It appears that the current generation of 3.0-litre-and-above diesel engines for pick-up trucks will be the last of their kinds, as strict environmental regulations around the world are forcing manufacturers to abandon high-capacity diesel engines.
When the all-new Mitsubishi Triton made its global debut in Thailand late last year, it was launched to the world market with an all-new aluminum block 2.4-litre 4N15 MIVEC common rail intercooled variable geometry turbo diesel engine.
Running with a low-ish (for a diesel engine) 15.5:1 compression ratio, the engine is said to be one of the quietest and smoothest engines in its class, with very impressive power and torque figures too - 181 PS at 3,500 rpm and 430 Nm at just 2,500 rpm, whil keep fuel consumption to just 7.6-litre/100 km (4x4 Double Cab Automatic, Australian specifications).
Globally, the previous model's 3.2-litre engine is notably missing from the engine options list.
As you can tell from our launch story, the highly innovative 4N15 MIVEC engine is not available for our local-market Triton, which is imported from the same plant in Thailand that makes the 4N15-powered Triton for Thailand and other markets around the world.
Instead, we have the familiar (but heavily updated) DI-D engine in three different states of tune - from 110 PS to 178 PS.
The reason behind the exclusion of the new 4N15 engine is the unavailability of the necessary Euro-5 or higher clean diesel fuel, which is required by the new generation of sophisticated, clean diesel engines.
Although Euro-5 diesel is already available in some parts of Peninsular Malaysia, pick-up trucks are predominantly sold in East Malaysia and the nature of their usage also means that they will need to be fueled up in rural locations, where fuel quality might deviate even further from the usual Euro-2M standard diesel found city centres.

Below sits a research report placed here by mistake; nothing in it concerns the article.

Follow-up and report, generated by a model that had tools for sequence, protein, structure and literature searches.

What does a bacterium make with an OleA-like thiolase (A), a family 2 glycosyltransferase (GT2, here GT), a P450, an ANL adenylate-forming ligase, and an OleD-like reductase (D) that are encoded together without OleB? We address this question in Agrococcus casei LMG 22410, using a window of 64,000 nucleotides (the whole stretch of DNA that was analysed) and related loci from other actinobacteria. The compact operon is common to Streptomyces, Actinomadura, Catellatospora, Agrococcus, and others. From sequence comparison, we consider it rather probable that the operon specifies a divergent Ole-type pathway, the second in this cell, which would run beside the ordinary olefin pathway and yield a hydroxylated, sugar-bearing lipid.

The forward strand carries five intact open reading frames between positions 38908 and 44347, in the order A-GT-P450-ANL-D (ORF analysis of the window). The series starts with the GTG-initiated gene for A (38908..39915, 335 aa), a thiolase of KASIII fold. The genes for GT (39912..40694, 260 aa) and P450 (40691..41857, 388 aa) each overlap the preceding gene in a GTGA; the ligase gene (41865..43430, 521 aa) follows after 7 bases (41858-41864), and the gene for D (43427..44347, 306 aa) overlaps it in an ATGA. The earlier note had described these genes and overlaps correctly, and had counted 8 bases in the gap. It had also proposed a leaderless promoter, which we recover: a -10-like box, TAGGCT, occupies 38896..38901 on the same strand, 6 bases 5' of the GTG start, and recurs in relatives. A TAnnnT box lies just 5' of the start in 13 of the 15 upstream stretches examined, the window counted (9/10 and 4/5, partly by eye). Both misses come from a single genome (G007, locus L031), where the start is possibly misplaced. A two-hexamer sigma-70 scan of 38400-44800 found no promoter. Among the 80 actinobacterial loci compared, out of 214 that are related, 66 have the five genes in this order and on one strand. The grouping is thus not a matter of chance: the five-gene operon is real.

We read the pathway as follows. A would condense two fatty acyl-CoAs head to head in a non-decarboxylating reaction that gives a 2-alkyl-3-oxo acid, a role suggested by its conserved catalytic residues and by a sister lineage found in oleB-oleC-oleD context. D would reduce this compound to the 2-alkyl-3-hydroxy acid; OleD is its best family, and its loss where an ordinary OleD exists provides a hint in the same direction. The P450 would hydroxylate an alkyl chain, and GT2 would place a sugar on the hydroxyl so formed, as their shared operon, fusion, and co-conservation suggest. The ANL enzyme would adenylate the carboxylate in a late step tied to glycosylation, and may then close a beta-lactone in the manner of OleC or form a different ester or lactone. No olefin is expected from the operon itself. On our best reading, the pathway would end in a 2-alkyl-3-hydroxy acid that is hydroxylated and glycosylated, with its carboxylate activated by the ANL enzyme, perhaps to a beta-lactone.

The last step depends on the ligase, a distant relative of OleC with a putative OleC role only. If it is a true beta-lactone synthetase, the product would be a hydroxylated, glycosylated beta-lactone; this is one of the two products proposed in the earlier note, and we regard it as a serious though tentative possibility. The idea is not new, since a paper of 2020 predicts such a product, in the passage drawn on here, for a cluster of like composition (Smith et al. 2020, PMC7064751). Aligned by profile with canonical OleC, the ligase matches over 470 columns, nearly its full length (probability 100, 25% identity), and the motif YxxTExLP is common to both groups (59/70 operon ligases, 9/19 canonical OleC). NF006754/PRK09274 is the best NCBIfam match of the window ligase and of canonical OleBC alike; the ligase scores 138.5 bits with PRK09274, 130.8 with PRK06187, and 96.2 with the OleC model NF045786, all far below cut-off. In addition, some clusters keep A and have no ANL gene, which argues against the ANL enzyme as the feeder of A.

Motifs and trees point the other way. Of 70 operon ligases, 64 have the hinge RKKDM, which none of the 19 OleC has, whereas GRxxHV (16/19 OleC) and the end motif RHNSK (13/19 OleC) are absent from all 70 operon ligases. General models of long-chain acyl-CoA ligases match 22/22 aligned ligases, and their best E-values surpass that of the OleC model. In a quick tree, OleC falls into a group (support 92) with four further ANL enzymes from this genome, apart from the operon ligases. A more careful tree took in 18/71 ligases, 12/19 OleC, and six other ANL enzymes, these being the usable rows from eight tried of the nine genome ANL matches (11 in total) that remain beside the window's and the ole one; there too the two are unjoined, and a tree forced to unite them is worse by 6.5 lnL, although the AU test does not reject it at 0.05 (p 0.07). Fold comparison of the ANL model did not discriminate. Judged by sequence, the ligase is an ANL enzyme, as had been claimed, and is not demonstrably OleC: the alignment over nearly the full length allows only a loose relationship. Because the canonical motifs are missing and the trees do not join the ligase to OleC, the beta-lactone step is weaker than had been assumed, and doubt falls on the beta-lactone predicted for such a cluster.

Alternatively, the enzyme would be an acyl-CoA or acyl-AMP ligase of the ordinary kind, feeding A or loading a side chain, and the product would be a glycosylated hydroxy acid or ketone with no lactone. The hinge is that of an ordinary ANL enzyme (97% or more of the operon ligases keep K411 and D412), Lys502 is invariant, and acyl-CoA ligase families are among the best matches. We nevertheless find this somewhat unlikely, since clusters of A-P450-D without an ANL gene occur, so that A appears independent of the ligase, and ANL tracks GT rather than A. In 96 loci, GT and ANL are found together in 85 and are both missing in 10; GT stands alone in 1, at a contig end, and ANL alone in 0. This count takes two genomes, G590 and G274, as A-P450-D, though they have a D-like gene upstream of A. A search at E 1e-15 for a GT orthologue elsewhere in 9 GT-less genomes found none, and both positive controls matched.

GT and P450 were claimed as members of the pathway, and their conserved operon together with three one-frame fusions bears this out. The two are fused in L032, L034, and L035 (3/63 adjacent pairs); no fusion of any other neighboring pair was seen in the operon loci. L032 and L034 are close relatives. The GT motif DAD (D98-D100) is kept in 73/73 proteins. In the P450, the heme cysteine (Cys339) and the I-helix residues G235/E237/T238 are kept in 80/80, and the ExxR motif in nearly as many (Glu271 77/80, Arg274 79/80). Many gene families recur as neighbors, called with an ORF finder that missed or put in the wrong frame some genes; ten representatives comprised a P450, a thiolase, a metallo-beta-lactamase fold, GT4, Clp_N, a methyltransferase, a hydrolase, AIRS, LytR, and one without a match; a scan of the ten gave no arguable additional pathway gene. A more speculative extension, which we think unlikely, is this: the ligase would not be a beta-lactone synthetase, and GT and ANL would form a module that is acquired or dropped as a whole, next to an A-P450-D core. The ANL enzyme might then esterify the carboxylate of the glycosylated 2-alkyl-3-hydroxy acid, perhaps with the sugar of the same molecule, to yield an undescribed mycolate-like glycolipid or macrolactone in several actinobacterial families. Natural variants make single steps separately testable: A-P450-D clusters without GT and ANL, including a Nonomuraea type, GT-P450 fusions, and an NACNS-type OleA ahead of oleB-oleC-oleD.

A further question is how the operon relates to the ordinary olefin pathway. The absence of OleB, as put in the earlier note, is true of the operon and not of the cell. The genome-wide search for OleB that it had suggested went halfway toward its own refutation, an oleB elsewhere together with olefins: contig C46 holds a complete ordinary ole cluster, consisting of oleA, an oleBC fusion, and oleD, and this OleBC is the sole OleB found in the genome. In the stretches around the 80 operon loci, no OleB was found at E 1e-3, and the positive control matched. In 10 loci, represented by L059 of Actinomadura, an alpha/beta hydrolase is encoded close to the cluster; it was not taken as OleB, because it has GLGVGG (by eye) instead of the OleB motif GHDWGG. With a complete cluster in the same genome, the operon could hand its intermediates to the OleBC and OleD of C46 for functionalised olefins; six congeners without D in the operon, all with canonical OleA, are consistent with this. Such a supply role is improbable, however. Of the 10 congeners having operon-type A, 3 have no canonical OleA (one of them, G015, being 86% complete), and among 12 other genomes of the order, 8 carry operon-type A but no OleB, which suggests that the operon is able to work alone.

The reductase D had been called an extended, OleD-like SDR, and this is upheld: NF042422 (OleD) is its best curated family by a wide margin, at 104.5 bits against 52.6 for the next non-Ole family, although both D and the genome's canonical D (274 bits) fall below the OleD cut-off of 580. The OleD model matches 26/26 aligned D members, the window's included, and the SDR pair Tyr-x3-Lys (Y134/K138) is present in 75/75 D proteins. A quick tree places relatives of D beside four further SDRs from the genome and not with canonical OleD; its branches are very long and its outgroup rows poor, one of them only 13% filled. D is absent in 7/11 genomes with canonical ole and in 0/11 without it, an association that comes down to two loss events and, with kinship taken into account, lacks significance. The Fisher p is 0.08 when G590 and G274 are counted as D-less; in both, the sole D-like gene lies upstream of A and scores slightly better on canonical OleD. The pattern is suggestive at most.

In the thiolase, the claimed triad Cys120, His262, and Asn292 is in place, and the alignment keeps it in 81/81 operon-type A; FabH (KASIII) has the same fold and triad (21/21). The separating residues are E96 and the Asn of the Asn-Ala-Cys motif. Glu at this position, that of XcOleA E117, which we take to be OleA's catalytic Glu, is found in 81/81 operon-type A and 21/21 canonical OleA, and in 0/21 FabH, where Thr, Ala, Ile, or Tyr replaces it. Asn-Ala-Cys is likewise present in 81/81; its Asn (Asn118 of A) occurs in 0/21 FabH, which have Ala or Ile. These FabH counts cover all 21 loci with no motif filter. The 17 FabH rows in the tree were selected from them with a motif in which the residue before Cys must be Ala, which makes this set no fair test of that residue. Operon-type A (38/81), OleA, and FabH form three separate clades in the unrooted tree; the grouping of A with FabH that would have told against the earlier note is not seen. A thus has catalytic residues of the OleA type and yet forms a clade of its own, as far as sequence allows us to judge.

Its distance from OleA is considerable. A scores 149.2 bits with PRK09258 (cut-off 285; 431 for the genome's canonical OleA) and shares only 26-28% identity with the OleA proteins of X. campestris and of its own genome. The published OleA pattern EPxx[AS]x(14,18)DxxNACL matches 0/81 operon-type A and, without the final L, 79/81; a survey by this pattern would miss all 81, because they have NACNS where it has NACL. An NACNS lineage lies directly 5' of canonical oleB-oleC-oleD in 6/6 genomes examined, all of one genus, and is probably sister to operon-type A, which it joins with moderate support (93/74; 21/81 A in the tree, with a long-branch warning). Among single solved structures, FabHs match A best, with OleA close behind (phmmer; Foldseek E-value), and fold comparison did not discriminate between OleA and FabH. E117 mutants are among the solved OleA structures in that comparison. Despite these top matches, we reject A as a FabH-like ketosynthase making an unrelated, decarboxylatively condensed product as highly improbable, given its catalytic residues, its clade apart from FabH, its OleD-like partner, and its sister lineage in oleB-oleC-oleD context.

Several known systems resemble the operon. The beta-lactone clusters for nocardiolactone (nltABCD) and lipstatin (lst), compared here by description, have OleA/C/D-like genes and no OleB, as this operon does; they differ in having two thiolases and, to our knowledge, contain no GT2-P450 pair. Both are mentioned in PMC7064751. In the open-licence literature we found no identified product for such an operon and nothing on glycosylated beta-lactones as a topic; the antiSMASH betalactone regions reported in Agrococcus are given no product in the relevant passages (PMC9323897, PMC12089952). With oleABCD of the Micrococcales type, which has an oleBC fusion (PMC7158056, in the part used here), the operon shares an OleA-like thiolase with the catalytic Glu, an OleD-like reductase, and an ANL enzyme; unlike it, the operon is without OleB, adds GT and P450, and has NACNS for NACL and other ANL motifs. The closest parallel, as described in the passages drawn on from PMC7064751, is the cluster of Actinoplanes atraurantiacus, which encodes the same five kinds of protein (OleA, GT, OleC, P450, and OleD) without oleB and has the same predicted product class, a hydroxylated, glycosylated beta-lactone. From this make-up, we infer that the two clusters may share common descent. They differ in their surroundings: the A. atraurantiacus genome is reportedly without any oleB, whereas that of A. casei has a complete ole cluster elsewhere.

No More 3.2-litre Engine Option In The Near Future
The previous generation Mitsubishi Triton was at one time offered with a 3.2-litre engine option, before it was discontinued mid-life cycle, and the engine is unlikely to make a return again.
"At this moment we don't have plans for a 3.2-litre engine for the all-new Triton," said Won-Chui Yang, CEO of Mitsubishi Motors Malaysia.
In the near- to mid-term, Mitsubishi Motor's global powertrain development's focus is to meet the increasingly strict exhaust emission and fuel consumption regulations, with reduced emphasis on achieving high power output. This is quite consistent with the industry's powertrain trend.
Market leader Toyota for example, has also abandoned 3.0-litre engines, in favour of a smaller capacity 2.4-litre and 2.8-litre engine for its upcoming all-new Toyota Hilux.
Despite offering just one engine option for Malaysia, Mitsubishi Motors has done a very impressive job of improving the DI-D engine to achieve a level of performance that (on paper at least) is comparable to a Ford Ranger 3.2-litre, thanks to its 400 Nm torque and low kerb weight.
Initial response to the all-new Triton has been encouraging, with over 2,200 bookings collected since 1-April 2015. Mitsubishi Motors Malaysia targets to sell 900 units of the all-new Triton per month, translating to a 20 percent market share of the pick-up truck segment.